Religion is once again one of the most urgent fields of human experience. Now an important new book has startling things to tell us about its futureby E K / June 4, 2009 / Leave a comment
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God is Back: How the Global Rise of Faith Is Changing the World by John Micklethwait and Adrian Wooldridge (Allen Lane, £25)
“God is dead” proclaimed Nietzsche, without fanfare, more than a century ago. In the post-cold war era, Francis Fukuyama’s Nietzschean End of History described “last men” whose faith would fail when exposed to the cosmopolitan reality that their creed was merely one among many. Religion, it seemed, was being consigned to the past by serious western thinkers.
In 1993, however, the late Samuel Huntington poured cold water on Fukuyama’s argument. And since then, a host of others—Philip Jenkins, David Martin, Peter Berger, Rod Stark, Tim Shah and Monica Toft, to name but a few—have charted the global revival of religion and the retreat of the secular, something that has rapidly become one of the most pressing intellectual themes of our times. Now, in God is Back, John Micklethwait and Adrian Wooldridge—both leading lights at the Economist—have synthesised these arguments into a vivid and important volume.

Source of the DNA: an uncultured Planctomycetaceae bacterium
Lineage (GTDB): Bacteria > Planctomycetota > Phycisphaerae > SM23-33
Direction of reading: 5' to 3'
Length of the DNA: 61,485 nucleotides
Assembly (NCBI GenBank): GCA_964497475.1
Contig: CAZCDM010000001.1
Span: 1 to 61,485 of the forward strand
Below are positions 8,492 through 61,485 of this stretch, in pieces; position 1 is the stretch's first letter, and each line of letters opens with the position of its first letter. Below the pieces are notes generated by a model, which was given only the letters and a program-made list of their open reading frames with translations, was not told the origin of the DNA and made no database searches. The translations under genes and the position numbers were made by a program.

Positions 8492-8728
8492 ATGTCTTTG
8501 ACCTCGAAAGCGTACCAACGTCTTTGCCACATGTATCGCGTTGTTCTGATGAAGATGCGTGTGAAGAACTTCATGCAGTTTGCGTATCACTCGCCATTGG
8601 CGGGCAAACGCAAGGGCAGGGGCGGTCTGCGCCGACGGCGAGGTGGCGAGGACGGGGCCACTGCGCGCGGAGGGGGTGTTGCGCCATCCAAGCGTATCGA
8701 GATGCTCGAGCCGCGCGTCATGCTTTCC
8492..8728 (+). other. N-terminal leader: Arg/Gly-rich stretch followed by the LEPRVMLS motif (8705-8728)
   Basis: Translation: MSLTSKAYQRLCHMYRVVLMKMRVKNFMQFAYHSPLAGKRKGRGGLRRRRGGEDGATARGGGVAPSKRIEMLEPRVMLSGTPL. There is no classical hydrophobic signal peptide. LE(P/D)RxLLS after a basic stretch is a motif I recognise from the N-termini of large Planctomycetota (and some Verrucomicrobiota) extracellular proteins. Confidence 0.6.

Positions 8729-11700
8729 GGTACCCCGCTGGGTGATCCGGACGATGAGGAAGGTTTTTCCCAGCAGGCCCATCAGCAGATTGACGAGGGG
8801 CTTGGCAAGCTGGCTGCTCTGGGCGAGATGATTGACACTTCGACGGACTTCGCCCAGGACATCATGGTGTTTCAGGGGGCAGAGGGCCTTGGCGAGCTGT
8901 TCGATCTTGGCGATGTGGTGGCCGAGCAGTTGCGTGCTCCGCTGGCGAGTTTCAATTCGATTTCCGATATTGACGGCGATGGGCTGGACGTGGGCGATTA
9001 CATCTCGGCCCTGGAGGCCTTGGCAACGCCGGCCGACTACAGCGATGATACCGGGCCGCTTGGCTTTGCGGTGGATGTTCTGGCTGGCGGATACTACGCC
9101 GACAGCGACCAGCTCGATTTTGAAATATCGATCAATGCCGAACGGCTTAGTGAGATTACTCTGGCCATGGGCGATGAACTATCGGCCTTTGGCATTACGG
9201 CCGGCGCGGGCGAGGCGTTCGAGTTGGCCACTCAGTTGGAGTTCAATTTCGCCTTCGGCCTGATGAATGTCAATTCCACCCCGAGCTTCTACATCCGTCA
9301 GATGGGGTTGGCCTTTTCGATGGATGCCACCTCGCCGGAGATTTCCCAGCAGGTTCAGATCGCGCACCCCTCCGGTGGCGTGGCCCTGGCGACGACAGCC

Most original is their attempt to frame their story as a clash between European and American forms of modernity. America, they write, hit upon a winning formula for reconciling religion with liberty, equality and rationality. The new republic, prodded by both its fractious dissenting sects and deistic founders, like Jefferson, did away with its established church and separated religion from politics. This arrangement forced religions to compete for souls in an open market, stimulating religious vitality. Divorced from the state, religions could both champion equality and adapt to capitalism and individualism without fear.
Conversely, in Canada and Europe, religious establishments cosied up to the state in order to protect themselves from competitors. This limited innovation and reined in religious entrepreneurialism. The result—much as with socialism—was a poor product that failed consumers. In addition, religion came to be viewed by the general public as something reactionary and elitist: the enemy of liberty and modernity. Little wonder that modernity took on anti-religious form in much of Europe while it thrived in America.
This “religious markets” argument was first advanced by Rod Stark and Lawrence Iannaccone and is, in itself, a familiar one. But God is Back breaks fresh ground by hitching this wagon to the…